A Shift-Share Analysis of Singapore's Labour Productivity Growth, 1998-2013
In this article, we examine the drivers of Singapore’s labour productivity growth in recent years. Specifically, using shift-share decomposition analysis, we examine whether our sectors have become more productive and whether our industry mix, in terms of employment shares, has shifted towards more productive sectors.
Between 2008 and 2013, overall productivity growth averaged 1.6 per cent per year, compared to 1.1 per cent per year in the preceding five years. Our decomposition results show that overall productivity growth in the last five years was supported by within-sector improvements in productivity, but was dragged down by a shift in employment towards less productive sectors.
Specifically, productivity growth in the various sectors contributed 2.3 percentage points to overall productivity growth each year on average in the last five years, higher than the 1.7 percentage-point contribution each year in the earlier five years.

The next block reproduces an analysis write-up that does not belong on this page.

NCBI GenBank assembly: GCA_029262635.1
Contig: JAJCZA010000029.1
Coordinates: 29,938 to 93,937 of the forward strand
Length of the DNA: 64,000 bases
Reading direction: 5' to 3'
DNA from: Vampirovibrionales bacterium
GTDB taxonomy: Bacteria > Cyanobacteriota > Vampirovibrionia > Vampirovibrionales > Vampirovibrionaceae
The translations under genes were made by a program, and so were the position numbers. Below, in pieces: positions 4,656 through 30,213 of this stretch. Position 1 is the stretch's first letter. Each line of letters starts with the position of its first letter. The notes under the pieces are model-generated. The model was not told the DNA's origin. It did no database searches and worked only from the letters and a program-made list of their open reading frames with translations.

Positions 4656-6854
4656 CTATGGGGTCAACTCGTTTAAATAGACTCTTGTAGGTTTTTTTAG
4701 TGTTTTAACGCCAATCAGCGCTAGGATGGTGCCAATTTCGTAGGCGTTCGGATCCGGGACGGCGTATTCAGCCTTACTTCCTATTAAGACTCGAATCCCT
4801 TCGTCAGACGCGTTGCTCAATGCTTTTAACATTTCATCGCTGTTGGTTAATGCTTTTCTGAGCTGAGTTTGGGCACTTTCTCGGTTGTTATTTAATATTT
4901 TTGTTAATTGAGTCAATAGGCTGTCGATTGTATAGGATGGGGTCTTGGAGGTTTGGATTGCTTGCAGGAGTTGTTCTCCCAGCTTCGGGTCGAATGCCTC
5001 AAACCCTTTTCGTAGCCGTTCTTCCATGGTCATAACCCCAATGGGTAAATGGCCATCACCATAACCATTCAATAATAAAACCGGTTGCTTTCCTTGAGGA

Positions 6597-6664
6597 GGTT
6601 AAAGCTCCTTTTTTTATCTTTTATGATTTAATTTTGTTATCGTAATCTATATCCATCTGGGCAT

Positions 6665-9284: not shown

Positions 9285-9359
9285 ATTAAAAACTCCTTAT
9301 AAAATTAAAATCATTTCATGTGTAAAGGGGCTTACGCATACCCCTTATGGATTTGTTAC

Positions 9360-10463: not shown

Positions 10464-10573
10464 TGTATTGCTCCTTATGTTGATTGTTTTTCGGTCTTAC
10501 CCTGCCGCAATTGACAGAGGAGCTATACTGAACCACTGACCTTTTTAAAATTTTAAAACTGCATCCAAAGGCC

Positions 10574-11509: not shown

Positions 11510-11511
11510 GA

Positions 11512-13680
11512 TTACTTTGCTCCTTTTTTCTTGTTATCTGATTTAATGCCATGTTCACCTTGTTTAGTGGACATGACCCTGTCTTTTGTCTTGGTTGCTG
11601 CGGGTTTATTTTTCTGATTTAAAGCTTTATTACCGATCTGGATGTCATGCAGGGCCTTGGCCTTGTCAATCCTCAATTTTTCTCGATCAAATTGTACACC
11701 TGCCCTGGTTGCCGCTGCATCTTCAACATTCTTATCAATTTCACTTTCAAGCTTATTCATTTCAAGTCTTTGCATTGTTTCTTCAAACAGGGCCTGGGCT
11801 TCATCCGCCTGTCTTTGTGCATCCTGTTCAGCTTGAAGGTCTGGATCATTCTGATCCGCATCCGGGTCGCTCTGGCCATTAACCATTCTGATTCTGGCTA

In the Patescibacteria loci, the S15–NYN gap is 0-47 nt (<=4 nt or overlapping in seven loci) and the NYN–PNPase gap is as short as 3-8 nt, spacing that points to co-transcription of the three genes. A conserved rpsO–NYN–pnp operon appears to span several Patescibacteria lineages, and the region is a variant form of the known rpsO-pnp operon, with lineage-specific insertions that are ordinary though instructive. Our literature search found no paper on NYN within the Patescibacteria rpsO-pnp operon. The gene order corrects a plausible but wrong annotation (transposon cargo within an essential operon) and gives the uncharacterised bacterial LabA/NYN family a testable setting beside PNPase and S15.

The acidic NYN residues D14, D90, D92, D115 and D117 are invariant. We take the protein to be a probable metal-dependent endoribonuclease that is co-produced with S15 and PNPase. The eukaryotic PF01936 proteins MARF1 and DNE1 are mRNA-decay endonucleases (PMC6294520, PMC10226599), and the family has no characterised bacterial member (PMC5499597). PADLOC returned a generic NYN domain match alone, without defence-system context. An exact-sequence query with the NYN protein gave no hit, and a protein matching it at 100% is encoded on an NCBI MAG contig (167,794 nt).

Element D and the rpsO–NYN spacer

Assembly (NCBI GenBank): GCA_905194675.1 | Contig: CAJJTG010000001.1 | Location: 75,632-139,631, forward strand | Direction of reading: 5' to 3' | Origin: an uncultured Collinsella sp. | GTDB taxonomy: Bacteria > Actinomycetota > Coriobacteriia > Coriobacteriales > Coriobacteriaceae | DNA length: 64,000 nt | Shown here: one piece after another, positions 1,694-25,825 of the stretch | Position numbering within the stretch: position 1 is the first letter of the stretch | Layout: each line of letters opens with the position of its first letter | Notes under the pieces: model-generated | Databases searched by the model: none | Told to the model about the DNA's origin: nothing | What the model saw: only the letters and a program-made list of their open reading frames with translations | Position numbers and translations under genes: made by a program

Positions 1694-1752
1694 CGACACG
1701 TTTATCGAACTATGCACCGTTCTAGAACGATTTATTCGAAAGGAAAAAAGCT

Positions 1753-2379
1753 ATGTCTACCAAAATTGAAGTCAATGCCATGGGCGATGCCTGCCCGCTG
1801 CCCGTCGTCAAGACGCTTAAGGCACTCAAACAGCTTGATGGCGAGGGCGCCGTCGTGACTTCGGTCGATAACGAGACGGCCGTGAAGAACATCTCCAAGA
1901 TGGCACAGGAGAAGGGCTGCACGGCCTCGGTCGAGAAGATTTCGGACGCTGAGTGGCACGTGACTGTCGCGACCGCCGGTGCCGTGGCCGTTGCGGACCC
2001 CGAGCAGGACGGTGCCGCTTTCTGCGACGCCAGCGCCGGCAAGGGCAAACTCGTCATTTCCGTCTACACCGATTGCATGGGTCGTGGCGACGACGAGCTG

However, the employment shares of less productive sectors grew relative to the shares of more productive sectors over the same period, thus dragging down overall productivity growth by 0.4 percentage-points each year. This was larger than the drag on productivity caused by similar negative shifts in the earlier 5-year period from 2003 to 2008 (at 0.2 percentage-points), and a reversal of the positive contribution that a shift in employment towards more productive sectors had between 1998 and 2003.
The views expressed in this paper are solely those of the author and do not necessarily reflect those of the Ministry of Trade and Industry or the Government of Singapore.
Click here for the full article.